We all know this image don’t we? A woman – who looks like she’s extended breastfeeding! In western society extended breastfeeding simply means feeding a child past the age of 12 months. My son is nearly 18 months old and I often get asked if I am ‘still’ feeding him. Yes, I am and no, I don’t plan to stop until both he and I are ready.The reaction is a mixed one. Some people go quite and quickly change the subject. Others have gone on to tell me stories about their own breastfeeding journey past infancy. Only once has someone asked me “should you really be doing that?” My answer was “My Body, my baby, my business”. I have to admit, I hate the term extended breastfeeding. There is nothing extended about it at all. It is actually more accurate to say feeding to natural term or natural term weaning. The world wide natural age of weaning is actually 4.2 years and the WHO and NHS recommend feeding until the age of 2.
A huge issue that I come across time and time again are myths around breastfeeding and breastmilk. In this new world dominated by social media, it is a worry! It is so hard to know what to believe. I hear and read about myths time and time again. On blogs, vlogs, forums, parenting facebook chats and more. While most of the information shared is informative and helpful advice, some of what I have read/watched is in fact not true and could seriously impact a mothers breastfeeding journey. Here’s a few myths that I believe have prevented mothers from feeding longer than 12 months.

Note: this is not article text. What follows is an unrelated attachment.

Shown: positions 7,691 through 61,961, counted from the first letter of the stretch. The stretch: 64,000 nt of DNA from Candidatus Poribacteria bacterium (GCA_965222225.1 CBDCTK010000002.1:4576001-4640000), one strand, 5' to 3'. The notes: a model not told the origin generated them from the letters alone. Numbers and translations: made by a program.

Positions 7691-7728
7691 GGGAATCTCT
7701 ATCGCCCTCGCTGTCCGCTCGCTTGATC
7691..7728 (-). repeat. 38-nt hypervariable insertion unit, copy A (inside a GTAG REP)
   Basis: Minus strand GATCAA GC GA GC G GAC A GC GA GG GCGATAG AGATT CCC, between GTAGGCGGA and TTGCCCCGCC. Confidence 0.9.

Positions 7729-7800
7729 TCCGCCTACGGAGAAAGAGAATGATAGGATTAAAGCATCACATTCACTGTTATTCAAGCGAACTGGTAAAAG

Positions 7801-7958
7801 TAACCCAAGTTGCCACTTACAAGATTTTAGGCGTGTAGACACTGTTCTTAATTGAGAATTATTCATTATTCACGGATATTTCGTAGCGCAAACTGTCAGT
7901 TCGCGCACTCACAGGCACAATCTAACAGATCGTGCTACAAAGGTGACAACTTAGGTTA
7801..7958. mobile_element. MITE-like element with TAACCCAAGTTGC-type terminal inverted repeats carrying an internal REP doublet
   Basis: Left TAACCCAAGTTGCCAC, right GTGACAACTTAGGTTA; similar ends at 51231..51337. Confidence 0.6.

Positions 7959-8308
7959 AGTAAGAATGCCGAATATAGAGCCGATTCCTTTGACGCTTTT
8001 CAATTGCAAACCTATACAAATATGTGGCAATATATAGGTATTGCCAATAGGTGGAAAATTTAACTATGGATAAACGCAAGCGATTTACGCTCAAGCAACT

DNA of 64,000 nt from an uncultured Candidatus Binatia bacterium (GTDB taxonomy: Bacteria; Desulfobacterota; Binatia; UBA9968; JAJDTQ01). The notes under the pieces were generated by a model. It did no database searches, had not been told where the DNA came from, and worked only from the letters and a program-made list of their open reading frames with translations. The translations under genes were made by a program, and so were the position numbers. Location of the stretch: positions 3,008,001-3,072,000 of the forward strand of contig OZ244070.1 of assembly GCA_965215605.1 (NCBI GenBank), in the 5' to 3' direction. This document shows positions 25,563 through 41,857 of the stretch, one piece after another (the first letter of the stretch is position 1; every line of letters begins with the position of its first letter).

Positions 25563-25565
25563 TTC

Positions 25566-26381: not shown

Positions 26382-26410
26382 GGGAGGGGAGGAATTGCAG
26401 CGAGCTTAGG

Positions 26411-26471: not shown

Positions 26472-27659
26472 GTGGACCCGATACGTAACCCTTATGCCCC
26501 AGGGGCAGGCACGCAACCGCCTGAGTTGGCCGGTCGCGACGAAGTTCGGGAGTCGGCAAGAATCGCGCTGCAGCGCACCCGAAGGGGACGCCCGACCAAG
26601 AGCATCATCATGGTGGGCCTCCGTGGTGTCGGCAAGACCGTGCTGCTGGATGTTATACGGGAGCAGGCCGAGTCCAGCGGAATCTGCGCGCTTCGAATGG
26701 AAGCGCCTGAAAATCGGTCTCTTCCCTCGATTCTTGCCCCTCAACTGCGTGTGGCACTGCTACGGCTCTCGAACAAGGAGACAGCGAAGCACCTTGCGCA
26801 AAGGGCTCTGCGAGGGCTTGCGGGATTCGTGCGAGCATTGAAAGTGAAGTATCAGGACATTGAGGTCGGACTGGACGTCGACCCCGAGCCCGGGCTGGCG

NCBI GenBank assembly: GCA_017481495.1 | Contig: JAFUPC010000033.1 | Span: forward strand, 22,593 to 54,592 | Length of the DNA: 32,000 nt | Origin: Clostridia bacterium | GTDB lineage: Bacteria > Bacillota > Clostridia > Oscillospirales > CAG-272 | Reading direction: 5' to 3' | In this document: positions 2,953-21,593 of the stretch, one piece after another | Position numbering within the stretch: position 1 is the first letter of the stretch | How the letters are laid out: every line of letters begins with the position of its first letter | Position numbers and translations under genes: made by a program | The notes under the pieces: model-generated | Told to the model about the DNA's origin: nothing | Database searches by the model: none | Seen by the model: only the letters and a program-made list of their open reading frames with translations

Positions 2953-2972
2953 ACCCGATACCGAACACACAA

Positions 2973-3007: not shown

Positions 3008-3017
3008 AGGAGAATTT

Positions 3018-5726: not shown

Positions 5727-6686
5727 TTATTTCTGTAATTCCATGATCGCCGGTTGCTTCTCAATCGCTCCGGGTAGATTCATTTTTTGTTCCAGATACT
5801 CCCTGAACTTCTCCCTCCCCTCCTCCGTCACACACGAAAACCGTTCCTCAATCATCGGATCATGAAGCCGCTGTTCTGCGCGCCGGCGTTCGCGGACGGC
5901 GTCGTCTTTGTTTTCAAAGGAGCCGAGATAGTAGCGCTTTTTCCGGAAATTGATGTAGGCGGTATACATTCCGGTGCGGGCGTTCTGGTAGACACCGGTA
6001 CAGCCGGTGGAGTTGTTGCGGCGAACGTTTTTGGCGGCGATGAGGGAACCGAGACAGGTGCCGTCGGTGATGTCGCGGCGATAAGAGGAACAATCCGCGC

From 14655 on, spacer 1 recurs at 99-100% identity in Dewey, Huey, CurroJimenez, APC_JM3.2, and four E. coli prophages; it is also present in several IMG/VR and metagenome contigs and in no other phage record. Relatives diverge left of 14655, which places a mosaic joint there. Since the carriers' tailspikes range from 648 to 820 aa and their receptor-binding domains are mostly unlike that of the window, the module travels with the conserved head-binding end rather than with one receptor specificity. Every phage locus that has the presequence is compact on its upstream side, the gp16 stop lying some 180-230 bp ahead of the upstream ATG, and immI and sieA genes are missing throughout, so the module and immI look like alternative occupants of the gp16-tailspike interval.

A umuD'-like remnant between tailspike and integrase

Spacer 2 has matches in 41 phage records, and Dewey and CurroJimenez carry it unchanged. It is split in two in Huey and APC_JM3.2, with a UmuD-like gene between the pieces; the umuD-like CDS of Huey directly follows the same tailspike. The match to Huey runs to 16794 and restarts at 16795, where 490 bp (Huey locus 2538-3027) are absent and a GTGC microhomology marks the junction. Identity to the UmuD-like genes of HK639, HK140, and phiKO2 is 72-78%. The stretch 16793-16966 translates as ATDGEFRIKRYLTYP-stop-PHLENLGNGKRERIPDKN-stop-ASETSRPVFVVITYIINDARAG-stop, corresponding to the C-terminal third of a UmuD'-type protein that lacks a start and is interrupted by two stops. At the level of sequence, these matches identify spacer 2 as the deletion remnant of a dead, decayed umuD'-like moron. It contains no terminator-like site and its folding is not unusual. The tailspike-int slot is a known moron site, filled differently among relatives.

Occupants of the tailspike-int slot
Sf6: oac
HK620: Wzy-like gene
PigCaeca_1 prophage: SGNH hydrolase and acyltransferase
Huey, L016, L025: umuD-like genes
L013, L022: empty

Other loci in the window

Myth 1: Babies should be breastfeed for 6 months then its recommended to move to formula.
This is an older myth, one which my mothers generation believed but never the less completely false. The recommendation is that babies should be exclusively breastfeed until 6 months then once weaning to food starts, breastmilk should go along side that.
Myth 2: There is no nutritional benefit to the baby after 12 months.
This is simply not the true either. In fact the year after your baby turns one, the nutritional value is much higher.
“Human milk in the second year postpartum contained significantly higher concentrations of total protein, lactoferrin, lysozyme and Immunoglobulin A, than milk bank samples, and significantly lower concentrations of zinc, calcium, iron and oligosaccharides.”
— Perrin 2016
Kellysmom.com is an amazing place to go for information and support and has a good fact sheet section on breastmilk past infancy. Tests have been done on breastmilk past infancy and the results are really quite amazing. In the second year (12-23 months), 448 mL of breastmilk provides:
29% of energy requirements
43% of protein requirements
36% of calcium requirements
75% of vitamin A requirements
76% of folate requirements
94% of vitamin B12 requirements
60% of vitamin C requirements
— Dewey 2001
Myth 3: It’s been a year and I would really like a drink!
The myth is that it will harm your baby or make them drunk if you drink alcohol. This is not true. Though newborns are very sensitive to alcohol being so young so it is worth being mindful in the first 4 weeks.
However according to Breastfeeding expert, Carlos Gonzales States: